The Exile of Jean Baptiste

In the late 1850s a man named Jean Baptiste drifted into Salt Lake City. The immigrant found a job as the city’s gravedigger. In 1862, a flap over the body of a local troublemaker named Moroni Clawson, led investigators to the grave digger. They discovered Baptiste had been stealing clothes and jewelry from the bodies he was charged with burying. In all, Baptiste was thought to have desecrated more than 300 graves. Grave-robbing is a loathsome crime, made even more so by the Mormon belief that buried loved ones will be resurrected on judgement day in the clothes they are buried in. Stealing the clothes and treasures of believing Mormons was an unthinkable act and Baptiste’s crime fed the flames of public outrage.

Although his offense was grave (pun intended), it wasn’t a call for hanging or life imprisonment, so territorial authorities devised an especially cruel punishment—exile. Baptiste was rowed out to Fremont Island, a small cay used intermittently for sheep ranching, and deposited on the shore, essentially left to die on the harsh, exposed island. Weeks later authorities checked the island to find Baptiste had escaped. A small shack on the island had been torn down, leading to theories that he’d build himself a raft to flee. Years later, in the 1890s, hunters found a skeleton with leg irons and some say these are Baptiste’s (although it’s not known if he was shackled when he was left alone on Fremont Island).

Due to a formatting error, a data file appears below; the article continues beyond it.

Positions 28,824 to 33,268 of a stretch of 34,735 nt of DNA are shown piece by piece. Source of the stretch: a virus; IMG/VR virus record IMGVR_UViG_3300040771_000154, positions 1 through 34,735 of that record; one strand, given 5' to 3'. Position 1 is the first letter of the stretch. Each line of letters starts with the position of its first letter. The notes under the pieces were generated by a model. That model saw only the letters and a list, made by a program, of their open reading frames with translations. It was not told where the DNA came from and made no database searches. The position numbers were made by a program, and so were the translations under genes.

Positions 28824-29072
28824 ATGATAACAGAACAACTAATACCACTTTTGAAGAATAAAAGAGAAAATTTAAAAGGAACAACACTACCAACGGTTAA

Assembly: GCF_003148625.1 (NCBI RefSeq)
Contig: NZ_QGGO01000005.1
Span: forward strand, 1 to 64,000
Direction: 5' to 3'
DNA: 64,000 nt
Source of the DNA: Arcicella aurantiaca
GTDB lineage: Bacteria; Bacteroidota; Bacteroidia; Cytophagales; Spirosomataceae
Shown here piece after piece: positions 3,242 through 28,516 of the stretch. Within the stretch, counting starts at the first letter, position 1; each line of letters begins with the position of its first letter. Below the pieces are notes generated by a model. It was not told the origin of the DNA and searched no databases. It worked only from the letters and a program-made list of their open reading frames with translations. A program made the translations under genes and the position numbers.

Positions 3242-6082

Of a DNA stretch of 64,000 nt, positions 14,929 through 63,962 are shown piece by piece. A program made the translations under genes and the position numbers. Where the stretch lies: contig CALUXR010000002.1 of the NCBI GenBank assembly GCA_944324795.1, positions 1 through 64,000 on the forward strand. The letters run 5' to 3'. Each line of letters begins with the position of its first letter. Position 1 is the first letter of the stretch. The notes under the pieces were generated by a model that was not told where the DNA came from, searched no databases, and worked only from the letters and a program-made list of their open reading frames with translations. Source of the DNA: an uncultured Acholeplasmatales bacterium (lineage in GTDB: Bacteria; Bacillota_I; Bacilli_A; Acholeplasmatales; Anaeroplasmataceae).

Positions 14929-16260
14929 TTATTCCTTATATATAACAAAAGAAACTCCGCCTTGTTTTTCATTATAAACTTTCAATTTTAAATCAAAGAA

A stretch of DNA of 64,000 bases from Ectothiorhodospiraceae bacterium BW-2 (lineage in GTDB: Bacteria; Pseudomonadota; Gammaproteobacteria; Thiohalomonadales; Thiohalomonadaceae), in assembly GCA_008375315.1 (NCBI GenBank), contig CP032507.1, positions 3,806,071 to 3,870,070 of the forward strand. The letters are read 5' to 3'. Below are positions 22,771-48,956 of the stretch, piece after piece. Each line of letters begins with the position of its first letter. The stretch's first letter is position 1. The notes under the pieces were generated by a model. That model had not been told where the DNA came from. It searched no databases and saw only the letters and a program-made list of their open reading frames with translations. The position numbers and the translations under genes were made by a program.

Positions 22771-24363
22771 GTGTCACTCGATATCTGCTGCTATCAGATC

Island Life with ‘Heavy D’

jean babtisteDiesel Brother, David “Heavy D” Sparks of the famous or infamous (depending on your take) Discovery Channel Series The Diesel Brothers, purchased Fremont Island in May of last year. The Monster Truck enthusiast has some vaguely stated plans about developing some sort of recreation park (or something) on the island. If only Jean Baptiste had had access to a monster truck during his exile…

Antelope Island

It is possible to visit Fremont island by boat but much easier to view it from the western shore of Antelope Island State Park. Looking around that grim, dead sea, take a moment and consider the fate of the notorious grave robber John Baptiste. Despite the dark nature of your errand, spring is an excellent time to visit Antelope State Park with cooler temps.

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Jeremy Pugh
Jeremy Pugh
Jeremy Pugh is Salt Lake magazine's Editor. He covers culture, history, the outdoors and whatever needs a look. Jeremy is also the author of the book "100 Things to Do in Salt Lake City Before You Die" and the co-author of the history, culture and urban legend guidebook "Secret Salt Lake."

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